“Try it,” she said. “What’ve you got to lose?” It was the voice of my mom at the other end of the line.
“It’s creepy and weird, and I don’t think it’ll work.”
“But if it does…” her voice trailed off, as she fantasized about me being saved from surgery and possible chemo. I knew her desperation to be able to make her only little girl better, healthy and free of the cancer, but what were the chances?
“Okay, I’ll contact Berny and see if she can squeeze me in,” I replied, “but mom, please don’t get your hopes up. I don’t have much faith in this hocus pocus. My feeling is that I have cancer because I have cancer, and traditional medicine is the only safe way to fight back against that reality.”
“Just try it, Trudy, please. It’s said that she has a gift, and I believe it. Remember Beverly? Remember Lois? Remember Tammy, and how things turned around so dramatically for her?”
“Yeah, mom, I know, but none of them had cancer!”
Every time I said it lately, the word stuck in my craw. I was still angry. Still miffed. Still a little bit unbelieving that this was happening to me.”
The day of the appointment came. I slid out of the seat of the old Buick Century and into the fitness center where Berny worked as a massage therapist for rehab patients. The place was a surprise. No crystals hanging in the windows; no incense burning when I walked in. The place was fully lit, and full of people of all ages; kids, teens, geriatrics, you name it. The waiting room was packed. It was going to be a long wait.
Berny saw me from across the waiting room, winked, and put up one finger, bending it toward her as if to indicate I should come to her table and have a seat. She touched my shoulder and I felt a prick on the heel of her palm. I jerked my hand away, as if I’d been poked with a pin, I remember. Berny just gave me that gentle stare, like she knew what was going on, but she never commented on it.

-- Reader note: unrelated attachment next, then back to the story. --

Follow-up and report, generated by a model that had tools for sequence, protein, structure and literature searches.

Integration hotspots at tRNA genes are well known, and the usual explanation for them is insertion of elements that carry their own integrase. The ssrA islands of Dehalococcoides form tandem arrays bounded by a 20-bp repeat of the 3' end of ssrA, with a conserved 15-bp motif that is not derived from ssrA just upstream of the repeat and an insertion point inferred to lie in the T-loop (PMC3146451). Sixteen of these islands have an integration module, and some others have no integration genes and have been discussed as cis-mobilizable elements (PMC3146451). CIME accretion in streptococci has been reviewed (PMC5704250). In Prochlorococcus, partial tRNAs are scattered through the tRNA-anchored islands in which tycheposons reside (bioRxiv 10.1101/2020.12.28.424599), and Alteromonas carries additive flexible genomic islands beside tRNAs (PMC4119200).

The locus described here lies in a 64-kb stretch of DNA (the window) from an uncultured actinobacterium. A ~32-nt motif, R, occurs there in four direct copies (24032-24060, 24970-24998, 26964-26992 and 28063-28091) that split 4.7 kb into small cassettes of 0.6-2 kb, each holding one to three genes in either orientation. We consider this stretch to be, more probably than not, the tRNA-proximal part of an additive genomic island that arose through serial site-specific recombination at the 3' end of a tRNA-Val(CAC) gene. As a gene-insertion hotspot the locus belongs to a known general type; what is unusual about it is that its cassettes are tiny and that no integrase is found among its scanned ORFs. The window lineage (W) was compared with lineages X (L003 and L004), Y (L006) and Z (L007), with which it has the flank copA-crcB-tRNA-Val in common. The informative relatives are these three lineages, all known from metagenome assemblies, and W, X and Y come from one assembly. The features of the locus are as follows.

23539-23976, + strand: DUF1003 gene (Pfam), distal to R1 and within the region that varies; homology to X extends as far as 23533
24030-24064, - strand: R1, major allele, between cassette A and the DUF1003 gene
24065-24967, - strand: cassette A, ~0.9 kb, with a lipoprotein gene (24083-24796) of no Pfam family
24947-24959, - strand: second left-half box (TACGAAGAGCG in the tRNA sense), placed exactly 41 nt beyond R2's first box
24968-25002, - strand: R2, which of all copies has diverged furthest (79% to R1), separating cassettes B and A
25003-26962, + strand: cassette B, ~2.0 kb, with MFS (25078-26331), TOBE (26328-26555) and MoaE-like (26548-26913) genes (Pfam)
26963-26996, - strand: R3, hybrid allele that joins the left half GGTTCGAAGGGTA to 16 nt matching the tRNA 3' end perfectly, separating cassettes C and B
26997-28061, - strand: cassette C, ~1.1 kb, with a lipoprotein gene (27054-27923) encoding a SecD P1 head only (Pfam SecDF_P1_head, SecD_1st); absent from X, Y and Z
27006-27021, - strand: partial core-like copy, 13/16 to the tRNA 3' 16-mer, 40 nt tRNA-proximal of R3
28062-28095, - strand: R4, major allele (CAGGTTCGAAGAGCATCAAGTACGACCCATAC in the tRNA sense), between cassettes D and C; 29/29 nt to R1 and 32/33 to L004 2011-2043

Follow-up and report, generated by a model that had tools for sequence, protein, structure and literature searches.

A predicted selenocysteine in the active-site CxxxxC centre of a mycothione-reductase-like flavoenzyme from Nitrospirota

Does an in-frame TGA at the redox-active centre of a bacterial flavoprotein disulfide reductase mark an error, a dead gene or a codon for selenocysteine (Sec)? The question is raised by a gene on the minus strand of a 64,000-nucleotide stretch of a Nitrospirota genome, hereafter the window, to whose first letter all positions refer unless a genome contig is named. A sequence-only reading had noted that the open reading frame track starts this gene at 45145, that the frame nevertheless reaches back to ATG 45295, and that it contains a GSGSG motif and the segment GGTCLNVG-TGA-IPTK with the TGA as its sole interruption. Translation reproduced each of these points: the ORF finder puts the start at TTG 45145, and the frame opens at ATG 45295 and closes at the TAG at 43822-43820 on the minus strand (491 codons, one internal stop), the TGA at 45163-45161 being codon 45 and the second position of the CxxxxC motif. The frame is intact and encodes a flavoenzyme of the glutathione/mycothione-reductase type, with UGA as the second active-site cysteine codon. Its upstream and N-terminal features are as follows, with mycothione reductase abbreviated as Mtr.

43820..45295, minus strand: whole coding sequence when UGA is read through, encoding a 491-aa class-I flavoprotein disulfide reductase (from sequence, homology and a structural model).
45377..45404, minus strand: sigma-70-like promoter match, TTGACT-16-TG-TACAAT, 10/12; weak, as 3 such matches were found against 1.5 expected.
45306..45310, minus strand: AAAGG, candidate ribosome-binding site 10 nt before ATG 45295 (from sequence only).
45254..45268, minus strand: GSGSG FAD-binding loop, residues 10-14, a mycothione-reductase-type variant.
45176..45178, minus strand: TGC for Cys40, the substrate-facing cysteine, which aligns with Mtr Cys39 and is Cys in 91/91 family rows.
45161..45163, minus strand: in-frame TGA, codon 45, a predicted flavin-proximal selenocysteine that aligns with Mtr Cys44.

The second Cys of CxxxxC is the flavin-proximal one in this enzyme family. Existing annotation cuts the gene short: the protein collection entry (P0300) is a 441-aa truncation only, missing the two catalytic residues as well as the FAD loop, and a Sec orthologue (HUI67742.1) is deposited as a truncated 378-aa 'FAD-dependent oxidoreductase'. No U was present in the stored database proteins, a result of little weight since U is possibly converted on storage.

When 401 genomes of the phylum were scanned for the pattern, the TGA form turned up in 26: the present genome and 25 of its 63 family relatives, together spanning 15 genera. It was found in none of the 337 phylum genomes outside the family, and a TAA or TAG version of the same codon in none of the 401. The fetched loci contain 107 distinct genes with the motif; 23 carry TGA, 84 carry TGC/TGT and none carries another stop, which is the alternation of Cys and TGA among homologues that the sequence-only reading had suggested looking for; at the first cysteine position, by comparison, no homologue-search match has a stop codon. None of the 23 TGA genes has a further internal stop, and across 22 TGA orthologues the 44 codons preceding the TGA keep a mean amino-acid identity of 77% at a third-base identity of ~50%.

“So, Trudy, I hear your mom strong-armed into coming today.” She laughed.
“Yeah, moms can be that way,” I replied, with a crooked half-smile.
“She says you’ve seen the doctor and the prognosis is sketchy for your type of cancer, is that right?”
“Yeah, sketchy is a good word to describe it. I’m usually lucky in life, but this jackpot I could have lived without. I might not even live, period, with this thing. Who knows.” I continued, “And I don’t mean to dis you personally, but I don’t exactly share my mom’s belief that any of ‘this’ can work, for me.”
“This?” Berny replied.
“This new age medicine…this healing massage thing you do. She thinks it’s mystical and magical, or something like that.” I crossed my arms, subconsciously closing myself off to any more superstition or hurt that might try to seep through, once Berny did the magic thing she was about to do and said those mystical mantras over me. I wasn’t sure how long this was going to take, but I was sure I wasn’t totally onboard with it.
Berny asked me to relax. Ha, that was a joke. I couldn’t relax here, not with “this” about to happen. Relax? No way, it wasn’t my style…
I woke to a warm sensation. The lights were low in the room now. Only Berny was with me. She sat, rubbing my forearm and whispering my name over and over, as I came conscious.
“What time is it?” I asked.
“7:30 at night?”
“Are you kidding,” I said, incredulous. “My appointment was 11:30 this morning. Have I been asleep that long?”
“Yes,” she said, as she moved away from me and began picking up the items lying around the room, on desks and counter tops. She was cleaning up, getting ready to go home. I was still groggy and unable to get up from my sedated position.
“What did you give me?” I asked.
“Yeah, you know. Dope. Drugs. Valium? Roofies?”
“I didn’t give you anything,” she replied. “You fell asleep naturally. I merely covered you and allowed your body to do what it wanted to do. You slept peacefully all afternoon.”
I was disbelieving.
“With your clients here?” I asked.
“And you continued to work while I snored?” I inquired.
She laughed. “You didn’t snore. You didn’t make a sound. You were quiet, really quiet and so out.”
“Is this normal?” I asked.
“Well, there really is no normal with these things. Each person is different. Each problem unique.”
“So that’s it? All I needed was a little sleep and now I’m cured? Of cancer?!”
“Only God knows these things,” Berny replied.
I rose. I wrapped my coat around my shoulders, then tied it around my waist. I prepared to leave, then as I went for the door, I asked, “What do I owe you?”
Original work of Lori Hoose, copyright reserved 2018